Do 16 bit surrogate high bits indicating characters have a persisting meaning please?

From: William Overington (
Date: Thu Feb 22 2001 - 05:40:35 EST

When thinking about using surrogate pairs of 16 bit unicode characters to
express a 21 bit unicode character I like to think in terms of an analogy of
a Medieval Great Field divided into strips for cultivation. A road runs
along one edge of the field, perpendicular to the strips, so that someone
may gain access to a particular place on a particular strip by using the
road to get to the near end of the strip and then proceeding along the
strip. The high order bits part of the pair of 16 bit unicode characters
denoting which strip is being considered and the low order bits part of the
pair of 16 bit unicode characters denoting how far from the road along the
strip that one is located.

Suppose that one has a document, say a chapter from a novel, that consists
of a sequence of unicode characters that are each more than 16 bits in
significance and one wishes to represent them using a sequence of 16 bit
unicode characters. Suppose that, continuing my analogy, that all of the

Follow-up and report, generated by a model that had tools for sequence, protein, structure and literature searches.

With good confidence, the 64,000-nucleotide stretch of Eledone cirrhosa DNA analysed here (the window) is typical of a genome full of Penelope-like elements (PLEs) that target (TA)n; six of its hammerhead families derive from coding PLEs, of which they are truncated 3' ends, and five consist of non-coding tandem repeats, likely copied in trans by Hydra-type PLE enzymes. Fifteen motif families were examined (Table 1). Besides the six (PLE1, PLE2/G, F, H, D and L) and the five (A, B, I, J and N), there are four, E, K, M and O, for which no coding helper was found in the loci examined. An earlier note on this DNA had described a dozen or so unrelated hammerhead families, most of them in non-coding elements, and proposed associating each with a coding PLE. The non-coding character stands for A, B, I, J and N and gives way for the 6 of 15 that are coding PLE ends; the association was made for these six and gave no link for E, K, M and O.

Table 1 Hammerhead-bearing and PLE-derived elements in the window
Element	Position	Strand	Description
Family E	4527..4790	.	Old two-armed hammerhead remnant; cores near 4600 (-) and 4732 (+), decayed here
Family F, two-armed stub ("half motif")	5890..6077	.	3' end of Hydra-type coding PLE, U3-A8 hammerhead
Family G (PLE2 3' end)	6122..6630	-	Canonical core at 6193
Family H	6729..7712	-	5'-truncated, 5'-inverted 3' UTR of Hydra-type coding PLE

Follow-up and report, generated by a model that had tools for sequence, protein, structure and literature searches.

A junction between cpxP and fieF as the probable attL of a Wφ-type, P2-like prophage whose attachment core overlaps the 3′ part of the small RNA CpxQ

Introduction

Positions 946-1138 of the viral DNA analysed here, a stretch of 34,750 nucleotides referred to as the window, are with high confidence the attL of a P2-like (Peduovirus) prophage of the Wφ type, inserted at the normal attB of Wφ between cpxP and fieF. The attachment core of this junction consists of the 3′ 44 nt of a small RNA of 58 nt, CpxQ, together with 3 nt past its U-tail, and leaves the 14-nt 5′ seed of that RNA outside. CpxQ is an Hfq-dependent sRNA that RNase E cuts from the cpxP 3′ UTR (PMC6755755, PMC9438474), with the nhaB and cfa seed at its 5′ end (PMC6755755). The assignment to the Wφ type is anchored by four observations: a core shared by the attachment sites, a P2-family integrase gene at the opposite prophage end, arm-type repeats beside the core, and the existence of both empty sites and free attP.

characters are located in the same strip of the great field. Suppose that
there are n characters in the sequence of 21 bit characters. Would the
sequence of sixteen bit characters contain 2n or n+1 characters or some
other number? That is, once a 16 bit character that is indicating high
order bits has been used, is there a presumption that any number of
following 16 bit characters that are indicating low order bits are all to be
considered as indicating a character in the most recent "great field strip"
indicated, or does one need to use a high and low pair for each character
from the great field, even if that means continual repetition of the same
high order bits indicating character?

I can imagine advantages for both types of usage, a persistence of meaning
rule would save a lot of space in a 16 bit character file, yet cutting and
pasting a document could possibly cause problems if the high order bits have
not been stated in the section that is being cut and pasted.

William Overington

22 February 2001

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